The growing importance of carbon capture and storage? Carbon capture and storage may not be a new technology or concept, but it has been the subject of renewed global interest and attention in recent years and is something that MOL has experience in from its upstream operations.

"We have empty gas and oil reservoirs in our core countries of Hungary and Croatia, and we are quite experienced with utilizing CO2 for enhanced oil recovery in our projects," Szabó explains. "We know how to tackle and treat CO2. In our refining applications, there is a significant amount of CO2 emitted. We are capturing these molecules, and we want to transport those to the reservoirs to pump through them. The annual Scope 1 or Scope 2 footprints of the MOL Group are around 5.6 MM metric t of CO2, and there are empty reservoirs with 400 MM metric t of CO2 capacity. This gives us two decades for storing the CO2 emissions we are currently producing with our assets.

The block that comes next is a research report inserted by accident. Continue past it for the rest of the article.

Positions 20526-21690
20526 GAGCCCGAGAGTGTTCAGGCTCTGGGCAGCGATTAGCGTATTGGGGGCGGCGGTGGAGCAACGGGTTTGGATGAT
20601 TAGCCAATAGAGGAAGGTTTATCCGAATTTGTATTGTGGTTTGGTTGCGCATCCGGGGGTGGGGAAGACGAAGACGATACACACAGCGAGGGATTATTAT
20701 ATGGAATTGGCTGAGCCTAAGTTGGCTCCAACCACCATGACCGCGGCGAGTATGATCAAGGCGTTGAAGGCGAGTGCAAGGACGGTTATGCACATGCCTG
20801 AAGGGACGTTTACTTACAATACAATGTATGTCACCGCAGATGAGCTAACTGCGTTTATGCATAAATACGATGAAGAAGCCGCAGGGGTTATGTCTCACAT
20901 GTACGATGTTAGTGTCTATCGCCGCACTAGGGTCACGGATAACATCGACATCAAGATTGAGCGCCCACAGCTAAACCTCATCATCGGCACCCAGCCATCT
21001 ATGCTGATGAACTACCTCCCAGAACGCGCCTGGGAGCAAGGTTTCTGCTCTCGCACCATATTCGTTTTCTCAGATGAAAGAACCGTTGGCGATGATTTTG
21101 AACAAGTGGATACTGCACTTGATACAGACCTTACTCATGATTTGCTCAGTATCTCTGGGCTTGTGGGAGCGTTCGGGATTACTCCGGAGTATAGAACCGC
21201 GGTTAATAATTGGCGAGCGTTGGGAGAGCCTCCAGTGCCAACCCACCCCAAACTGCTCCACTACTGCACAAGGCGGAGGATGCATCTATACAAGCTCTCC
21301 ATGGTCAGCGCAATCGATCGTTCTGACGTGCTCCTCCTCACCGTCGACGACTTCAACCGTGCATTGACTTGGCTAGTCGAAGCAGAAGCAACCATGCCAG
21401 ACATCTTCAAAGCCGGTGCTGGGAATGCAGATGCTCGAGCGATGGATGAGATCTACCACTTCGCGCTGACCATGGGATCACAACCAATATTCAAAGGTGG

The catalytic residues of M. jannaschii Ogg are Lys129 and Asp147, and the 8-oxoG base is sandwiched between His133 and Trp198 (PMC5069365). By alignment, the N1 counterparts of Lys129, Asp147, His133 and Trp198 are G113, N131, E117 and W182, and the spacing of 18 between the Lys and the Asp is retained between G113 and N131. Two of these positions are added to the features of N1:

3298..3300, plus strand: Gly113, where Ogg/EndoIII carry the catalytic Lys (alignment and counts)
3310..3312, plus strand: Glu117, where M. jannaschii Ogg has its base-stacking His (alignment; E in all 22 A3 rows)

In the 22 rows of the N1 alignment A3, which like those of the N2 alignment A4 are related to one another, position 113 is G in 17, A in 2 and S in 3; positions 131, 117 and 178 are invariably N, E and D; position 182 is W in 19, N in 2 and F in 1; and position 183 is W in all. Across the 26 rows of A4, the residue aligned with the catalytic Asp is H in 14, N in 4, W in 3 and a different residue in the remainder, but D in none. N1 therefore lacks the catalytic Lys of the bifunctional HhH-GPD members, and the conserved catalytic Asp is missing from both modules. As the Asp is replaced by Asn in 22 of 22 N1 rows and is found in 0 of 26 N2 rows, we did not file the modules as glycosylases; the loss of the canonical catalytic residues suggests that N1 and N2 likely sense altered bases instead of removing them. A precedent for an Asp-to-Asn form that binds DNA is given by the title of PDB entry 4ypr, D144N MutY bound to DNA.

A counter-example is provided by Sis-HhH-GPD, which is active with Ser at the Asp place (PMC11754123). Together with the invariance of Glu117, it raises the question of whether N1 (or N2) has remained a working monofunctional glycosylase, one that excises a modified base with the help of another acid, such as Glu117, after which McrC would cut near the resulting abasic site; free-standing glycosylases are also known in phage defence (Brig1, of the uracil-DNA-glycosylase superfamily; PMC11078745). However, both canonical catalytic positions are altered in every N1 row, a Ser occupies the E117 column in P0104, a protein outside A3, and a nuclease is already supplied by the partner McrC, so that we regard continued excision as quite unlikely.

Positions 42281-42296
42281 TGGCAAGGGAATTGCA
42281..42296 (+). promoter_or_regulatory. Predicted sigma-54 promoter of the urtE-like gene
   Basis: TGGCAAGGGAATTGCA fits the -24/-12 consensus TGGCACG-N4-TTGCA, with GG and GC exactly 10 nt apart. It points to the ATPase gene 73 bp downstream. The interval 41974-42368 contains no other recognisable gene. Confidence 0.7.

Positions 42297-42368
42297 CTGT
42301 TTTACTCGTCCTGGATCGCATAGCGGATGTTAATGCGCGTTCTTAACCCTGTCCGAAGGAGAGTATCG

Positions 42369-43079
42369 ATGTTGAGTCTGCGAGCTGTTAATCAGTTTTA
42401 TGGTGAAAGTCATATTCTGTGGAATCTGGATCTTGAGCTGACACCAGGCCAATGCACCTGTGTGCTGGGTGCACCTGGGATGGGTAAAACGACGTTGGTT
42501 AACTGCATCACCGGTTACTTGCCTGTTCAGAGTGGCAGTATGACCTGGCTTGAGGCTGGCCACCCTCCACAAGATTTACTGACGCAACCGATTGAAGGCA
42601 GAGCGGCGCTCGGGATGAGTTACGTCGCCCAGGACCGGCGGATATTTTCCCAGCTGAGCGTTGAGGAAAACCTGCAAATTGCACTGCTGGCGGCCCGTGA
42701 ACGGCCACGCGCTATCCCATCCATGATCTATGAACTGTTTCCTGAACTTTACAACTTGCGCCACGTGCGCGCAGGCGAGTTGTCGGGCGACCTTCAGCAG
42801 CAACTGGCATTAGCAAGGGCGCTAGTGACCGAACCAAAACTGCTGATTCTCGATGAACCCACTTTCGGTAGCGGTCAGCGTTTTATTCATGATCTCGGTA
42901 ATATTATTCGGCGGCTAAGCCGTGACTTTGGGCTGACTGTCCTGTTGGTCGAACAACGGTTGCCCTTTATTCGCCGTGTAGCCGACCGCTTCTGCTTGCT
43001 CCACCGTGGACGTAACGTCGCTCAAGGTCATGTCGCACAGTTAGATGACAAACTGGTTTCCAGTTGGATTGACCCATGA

"In Scope 1 emissions, we have pledged to decrease CO2 emissions by 20% by 2030. This may seem like a modest ambition when you see the oil majors in the media committing themselves to be net-zero in a rather relatively short time. But there is still no technology behind those promises. What we have is absolute confidence and the transparency that 20% is feasible by 2030. We can achieve this through utilizing carbon capture and storage and improving our energy consumption. The less you consume, the cheaper it is, and the fewer emissions you produce, the fewer hydrocarbons you burn.” 

Szabó concludes, “This has the dual benefit of making you cost-efficient, your production gets more affordable, and your emissions footprint is lower. Scope 3 is a difficult topic but considering that we are about to convert 2 MM metric t of fossil fuel, it will dramatically reduce the Scope 3 admissions. It will reduce the total emissions of the MOL Group by roughly 20%. With that transformation, we are not just getting ready for the future, and we also aim to be more sustainable."